Nkomo's problem is that he can win neither an election or a war.
Mugabe's carefully crafted moves have left Nkomo with a dilemma: If he swallows the pill it is one more step in the eventual demise of his party. Some of his military forces may decide to resist anyway and the result could break up the party. If he goes into opposition he could lose some of his key people who are tired of being in the political wilderness and want jobs in government.
In response, Nkomo has stalled, delaying a meeting of his 156-member central committee until the end of the week. Analysts interpret this to mean he is letting emotions cool, an indication that he will find a way to accept Mugage's offer, possibly after regaining some role in the area of security.
Because of opposition within Mugabe's party, Nkomo's demotion had been planned since shortly after he got the police job at independence last April, according to a source close to the prime minister.
Tekere's removal was also in the works for months although it came as a surprise to outsiders since just last month the outspoken minister was acquitted of murdering a white farmer, a verdict that seemed to enhance his popularity among Africans.
For months Mugabe had been undercutting the man who is still secretary general of his sometimes undisciplined party. There has been no sign of protest over his ouster, indicating that the controversial former minister's backing was mainly ephemeral.
Mugabe's main complaint with Tekere was simply that he did not do his job, according to a number of sources. Tekere was rarely in the office and did little to organize the ministry to handle the manpower needs of the nation.
The last straw for Mugabe, who follows a rigid work ethic, reportedly came shortly before Christmas when Tekere arrived 90 minutes late for a Cabinet meeting, insisted that an item concerning his ministry be taken up immediately even though it was low on the agenda and then walked out when he did not get his way.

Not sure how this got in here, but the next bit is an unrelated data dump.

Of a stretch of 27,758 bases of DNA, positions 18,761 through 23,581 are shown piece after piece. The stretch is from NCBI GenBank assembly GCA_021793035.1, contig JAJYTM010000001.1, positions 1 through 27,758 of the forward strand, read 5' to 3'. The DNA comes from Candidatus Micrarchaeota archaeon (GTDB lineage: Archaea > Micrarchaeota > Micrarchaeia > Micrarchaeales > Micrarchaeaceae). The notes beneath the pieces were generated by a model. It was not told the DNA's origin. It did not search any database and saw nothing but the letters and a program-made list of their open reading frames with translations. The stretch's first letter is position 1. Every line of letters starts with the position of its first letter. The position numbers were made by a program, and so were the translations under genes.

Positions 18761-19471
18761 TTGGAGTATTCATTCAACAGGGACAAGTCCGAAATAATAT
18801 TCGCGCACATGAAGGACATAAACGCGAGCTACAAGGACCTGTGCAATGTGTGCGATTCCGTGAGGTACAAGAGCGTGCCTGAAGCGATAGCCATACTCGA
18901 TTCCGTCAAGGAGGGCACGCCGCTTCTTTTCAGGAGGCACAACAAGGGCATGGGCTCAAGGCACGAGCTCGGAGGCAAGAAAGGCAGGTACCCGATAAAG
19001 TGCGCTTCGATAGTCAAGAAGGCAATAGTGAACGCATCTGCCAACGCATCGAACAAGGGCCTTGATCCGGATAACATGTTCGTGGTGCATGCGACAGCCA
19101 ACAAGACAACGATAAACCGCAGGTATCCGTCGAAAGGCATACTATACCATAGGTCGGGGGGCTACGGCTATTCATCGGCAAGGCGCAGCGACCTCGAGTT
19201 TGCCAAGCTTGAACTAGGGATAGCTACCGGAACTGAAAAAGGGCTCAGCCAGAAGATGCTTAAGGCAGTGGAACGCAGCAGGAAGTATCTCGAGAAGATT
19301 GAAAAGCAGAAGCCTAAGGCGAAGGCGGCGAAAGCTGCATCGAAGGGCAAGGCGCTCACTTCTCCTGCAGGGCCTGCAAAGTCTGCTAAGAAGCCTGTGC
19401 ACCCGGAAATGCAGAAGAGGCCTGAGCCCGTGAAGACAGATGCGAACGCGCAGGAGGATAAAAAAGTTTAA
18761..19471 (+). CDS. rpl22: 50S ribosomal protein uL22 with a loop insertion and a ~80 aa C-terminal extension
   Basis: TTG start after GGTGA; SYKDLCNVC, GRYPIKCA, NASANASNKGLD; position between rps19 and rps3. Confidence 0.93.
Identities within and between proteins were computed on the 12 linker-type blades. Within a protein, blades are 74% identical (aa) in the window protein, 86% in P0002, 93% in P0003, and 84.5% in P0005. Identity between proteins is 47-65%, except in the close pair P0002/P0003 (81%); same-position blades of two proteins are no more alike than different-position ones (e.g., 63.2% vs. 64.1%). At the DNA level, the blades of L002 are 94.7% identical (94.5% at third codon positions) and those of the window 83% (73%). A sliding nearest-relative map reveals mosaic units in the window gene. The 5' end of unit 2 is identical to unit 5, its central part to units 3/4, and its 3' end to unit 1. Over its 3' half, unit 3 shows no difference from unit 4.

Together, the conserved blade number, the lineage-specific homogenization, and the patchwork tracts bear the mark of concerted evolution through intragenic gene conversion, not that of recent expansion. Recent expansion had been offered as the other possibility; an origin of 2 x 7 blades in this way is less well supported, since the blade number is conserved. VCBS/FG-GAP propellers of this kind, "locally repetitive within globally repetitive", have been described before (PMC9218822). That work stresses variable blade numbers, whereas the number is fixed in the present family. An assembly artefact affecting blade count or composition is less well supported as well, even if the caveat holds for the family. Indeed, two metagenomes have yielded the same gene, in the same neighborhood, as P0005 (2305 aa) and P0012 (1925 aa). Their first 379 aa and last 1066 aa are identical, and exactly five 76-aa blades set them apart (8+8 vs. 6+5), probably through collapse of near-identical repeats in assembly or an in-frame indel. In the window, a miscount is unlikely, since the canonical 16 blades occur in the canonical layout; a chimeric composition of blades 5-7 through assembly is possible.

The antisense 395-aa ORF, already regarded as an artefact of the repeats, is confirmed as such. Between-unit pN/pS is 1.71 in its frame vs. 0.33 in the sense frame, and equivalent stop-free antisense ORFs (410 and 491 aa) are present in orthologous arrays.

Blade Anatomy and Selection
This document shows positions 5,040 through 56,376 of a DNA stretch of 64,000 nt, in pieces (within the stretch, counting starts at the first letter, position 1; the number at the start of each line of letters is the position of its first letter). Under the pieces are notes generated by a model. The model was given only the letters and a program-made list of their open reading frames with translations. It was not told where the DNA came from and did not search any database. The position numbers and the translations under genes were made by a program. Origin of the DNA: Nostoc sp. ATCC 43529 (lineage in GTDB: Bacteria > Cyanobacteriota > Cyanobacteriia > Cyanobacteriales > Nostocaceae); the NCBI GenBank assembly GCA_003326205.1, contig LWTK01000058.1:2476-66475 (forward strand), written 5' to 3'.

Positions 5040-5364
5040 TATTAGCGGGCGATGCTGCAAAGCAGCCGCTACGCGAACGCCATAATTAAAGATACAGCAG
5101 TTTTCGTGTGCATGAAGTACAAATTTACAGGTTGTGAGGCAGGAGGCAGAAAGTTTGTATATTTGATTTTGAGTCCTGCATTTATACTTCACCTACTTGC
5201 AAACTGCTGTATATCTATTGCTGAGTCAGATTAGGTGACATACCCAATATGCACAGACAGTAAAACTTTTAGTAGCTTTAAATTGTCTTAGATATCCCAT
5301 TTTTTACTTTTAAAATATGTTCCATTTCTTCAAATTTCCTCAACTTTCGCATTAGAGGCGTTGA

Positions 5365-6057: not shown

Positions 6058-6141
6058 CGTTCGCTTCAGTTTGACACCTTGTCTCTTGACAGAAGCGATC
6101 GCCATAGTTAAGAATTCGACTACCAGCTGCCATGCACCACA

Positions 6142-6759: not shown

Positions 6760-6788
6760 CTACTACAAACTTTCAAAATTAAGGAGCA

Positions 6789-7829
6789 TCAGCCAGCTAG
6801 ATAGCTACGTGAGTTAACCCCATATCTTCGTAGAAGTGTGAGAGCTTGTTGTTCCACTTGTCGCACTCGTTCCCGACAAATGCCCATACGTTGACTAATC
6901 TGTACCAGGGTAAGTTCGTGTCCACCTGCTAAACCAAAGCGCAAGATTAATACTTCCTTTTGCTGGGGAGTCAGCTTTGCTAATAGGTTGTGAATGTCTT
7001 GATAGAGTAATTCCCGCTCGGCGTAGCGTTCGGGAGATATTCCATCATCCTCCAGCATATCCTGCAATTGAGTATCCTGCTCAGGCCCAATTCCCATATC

Mugabe protected his flanks well from any possible radical backlash over ousting Tekere. In the last month he talked more about government participation in the economy and arranged the takeover of the South African-controlled press. He also promoted some radically inclined officials in the weekend Cabinet reshuffle.
His remarks on Marxism fit in this context also.
There is little question that Mugabe believes in a socialist economy with significant elements of government participation and control. Mugabe is a pragmatists, however, and realizes he has inherited a capitalist economy that is thriving by African standards and he is not about to dismantle it hastily.
In a political sense his Marxism is probably best defined as anti-captialism, since it was the capitalist system that fostered white exploitation of blacks in the country. Such Marxism cannot help but have an appeal in a country where the dichotomy between white and black standards of living is enormous.
So Mugabe can be expected to continue preaching his form of Marxism despite Western discomfort.
Yesterday a U.S. Congressional delegation told him that such statements could affect aid and investment. Mugabe just nodded.